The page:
Adler, Stephen J. 1956(?)-

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ADLER, Stephen J. 1956(?)-

PERSONAL: Born c. 1956, in New York, NY; married Lisa Grunwald (a writer). Education: Harvard College, B.A., 1977; Harvard Law School, J.D., 1983.

ADDRESSES: Offıce—BusinessWeek, P.O. Box 53235, Boulder, CO 80322-3235.

CAREER: In early career, reporter for Tampa Times, Tampa, FL, and Tallahassee Democrat, Tallahassee, FL; American Lawyer, New York, NY, 1983-88, became editor and editorial director of newspaper group; Wall Street Journal, New York, NY, legal editor, 1988-94, special projects editor, 1994-97, deputy page-one editor, 1997-99, deputy managing editor and editorial director of online edition, 1999-2004; Business Week, Boulder, CO, editor-in-chief, 2005—. Member of board of directors, Goddard-Riverside Community Center

AWARDS, HONORS: National Magazine Award finalist, 1985, for American Lawyer article on the Union Carbide incident in Bhopal; Silver Gavel Award, American Bar Association, 1995, for The Jury: Trial and Error in the American Courtroom.


The Jury: Trial and Error in the American Courtroom, Times Books (New York, NY), 1994.

(Editor, with wife, Lisa Grunwald) Letters of theCentury: America, 1900-1999, Dial Press (New York, NY), 1999.

WORK IN PROGRESS: With wife, Lisa Grunwald, Women's Letters: America from the Revolutionary War to the Present.

SIDELIGHTS: After a twelve-year editing career with the Wall Street Journal, Stephen J. Adler accepted the position of editor-in-chief of Business Week, the world's most widely read business magazine. Adler, who succeeded Stephen B. Shepard, spent the first several months of 2005 working with his predecessor to accomplish a smooth transition. He is also an attorney and a former editor of American Lawyer.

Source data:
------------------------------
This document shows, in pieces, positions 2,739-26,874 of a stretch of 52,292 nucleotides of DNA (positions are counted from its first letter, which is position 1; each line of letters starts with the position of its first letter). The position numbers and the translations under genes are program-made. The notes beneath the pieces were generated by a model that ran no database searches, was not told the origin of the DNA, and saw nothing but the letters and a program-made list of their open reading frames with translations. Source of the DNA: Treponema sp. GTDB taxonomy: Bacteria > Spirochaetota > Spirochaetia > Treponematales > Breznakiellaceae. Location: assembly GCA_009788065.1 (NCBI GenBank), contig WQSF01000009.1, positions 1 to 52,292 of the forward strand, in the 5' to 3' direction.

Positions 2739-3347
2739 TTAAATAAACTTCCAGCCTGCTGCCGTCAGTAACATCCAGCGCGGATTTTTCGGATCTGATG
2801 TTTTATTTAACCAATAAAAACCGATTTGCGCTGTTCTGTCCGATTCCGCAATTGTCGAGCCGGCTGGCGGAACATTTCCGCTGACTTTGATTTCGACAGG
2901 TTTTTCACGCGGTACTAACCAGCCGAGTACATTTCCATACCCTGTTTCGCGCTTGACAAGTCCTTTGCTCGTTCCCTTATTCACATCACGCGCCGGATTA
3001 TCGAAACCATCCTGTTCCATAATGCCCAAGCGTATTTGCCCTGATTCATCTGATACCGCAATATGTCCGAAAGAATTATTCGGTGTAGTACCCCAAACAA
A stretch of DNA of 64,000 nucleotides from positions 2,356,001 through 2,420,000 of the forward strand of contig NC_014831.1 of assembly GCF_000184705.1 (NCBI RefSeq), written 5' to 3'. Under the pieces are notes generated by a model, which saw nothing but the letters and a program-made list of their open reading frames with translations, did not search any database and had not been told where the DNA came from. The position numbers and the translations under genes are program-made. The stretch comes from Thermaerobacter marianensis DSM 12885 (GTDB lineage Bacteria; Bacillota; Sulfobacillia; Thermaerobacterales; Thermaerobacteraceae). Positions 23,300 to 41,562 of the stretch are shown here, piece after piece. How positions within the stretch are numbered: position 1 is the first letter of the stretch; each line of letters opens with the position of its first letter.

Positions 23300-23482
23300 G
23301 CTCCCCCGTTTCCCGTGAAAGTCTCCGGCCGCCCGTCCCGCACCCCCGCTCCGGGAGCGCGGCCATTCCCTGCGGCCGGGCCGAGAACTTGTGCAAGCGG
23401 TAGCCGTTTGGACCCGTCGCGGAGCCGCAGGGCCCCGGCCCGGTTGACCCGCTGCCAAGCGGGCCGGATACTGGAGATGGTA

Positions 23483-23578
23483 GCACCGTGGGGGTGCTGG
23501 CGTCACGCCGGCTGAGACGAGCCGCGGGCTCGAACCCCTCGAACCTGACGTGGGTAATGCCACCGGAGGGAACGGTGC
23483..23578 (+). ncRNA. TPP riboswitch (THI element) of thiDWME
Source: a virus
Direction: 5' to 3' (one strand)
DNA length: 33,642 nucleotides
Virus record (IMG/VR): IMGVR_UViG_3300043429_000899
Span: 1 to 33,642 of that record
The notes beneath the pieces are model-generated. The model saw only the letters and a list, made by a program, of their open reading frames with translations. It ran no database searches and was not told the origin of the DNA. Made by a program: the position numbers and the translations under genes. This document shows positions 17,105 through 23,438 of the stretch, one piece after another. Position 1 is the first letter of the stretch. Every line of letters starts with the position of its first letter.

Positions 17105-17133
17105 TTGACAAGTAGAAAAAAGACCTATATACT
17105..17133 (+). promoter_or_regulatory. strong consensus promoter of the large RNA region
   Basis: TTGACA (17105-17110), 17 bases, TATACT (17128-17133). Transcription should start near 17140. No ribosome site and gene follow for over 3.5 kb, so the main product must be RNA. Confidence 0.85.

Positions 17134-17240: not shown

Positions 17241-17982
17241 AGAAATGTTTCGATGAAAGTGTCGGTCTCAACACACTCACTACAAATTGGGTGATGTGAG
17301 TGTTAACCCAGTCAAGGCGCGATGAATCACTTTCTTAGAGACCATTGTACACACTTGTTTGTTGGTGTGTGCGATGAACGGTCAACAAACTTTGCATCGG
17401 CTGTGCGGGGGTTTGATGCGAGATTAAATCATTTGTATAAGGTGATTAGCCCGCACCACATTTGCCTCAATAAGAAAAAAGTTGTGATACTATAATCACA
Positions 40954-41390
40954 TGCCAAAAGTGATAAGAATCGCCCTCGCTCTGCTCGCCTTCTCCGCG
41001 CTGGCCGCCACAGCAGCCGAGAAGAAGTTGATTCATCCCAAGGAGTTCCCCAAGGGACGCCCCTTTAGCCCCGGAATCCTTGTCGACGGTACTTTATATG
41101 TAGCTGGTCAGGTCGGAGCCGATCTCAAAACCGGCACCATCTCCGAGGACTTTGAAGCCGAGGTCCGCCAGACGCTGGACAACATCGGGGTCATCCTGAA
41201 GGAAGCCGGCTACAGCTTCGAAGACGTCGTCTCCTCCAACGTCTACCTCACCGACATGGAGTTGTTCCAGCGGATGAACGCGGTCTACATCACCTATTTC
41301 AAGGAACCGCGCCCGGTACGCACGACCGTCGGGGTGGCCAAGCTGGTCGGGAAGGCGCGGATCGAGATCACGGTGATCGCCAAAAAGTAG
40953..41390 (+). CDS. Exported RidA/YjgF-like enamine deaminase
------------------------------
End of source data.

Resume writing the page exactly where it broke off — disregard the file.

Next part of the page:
Adler's first book, The Jury: Trial and Error in the American Courtroom, is a study of those twelve men and women empanelled to determine the fate of the defendants in a number of high-profile trials, such as the O. J. Simpson case. The trials focus on murders, antitrust suits, and tort suits, and include the corruption trial of Imelda Marcos. Adler, who covered these trials while legal editor of the Wall Street Journal, also interviewed jurors in six of the cases, and in his book he evaluates the outcomes of each.

Adler criticizes the freedom lawyers enjoy in accepting or dismissing potential jurors, observing in The Jury that "many of those who are removed appear to be more alert and unbiased than many who are seated." While a supporter of the jury system, he suggests changes he believes would strengthen it. He advises that jurors would benefit from receiving instructions at the beginning of a trial, not only at the end, and feels that they should be delivered in plain English. He advises that jurors should be selected randomly and be allowed to take notes and ask questions of witnesses. He writes that professionals, including doctors and the clergy, should not be excused from serving, since that practice excludes some of the most educated members of the community. It also lays the burden on jurors who may suffer a financial hardship by serving. Finally, he asserts that the use of jury consultants gives an unfair advantage to the wealthy, who also can afford the best lawyers.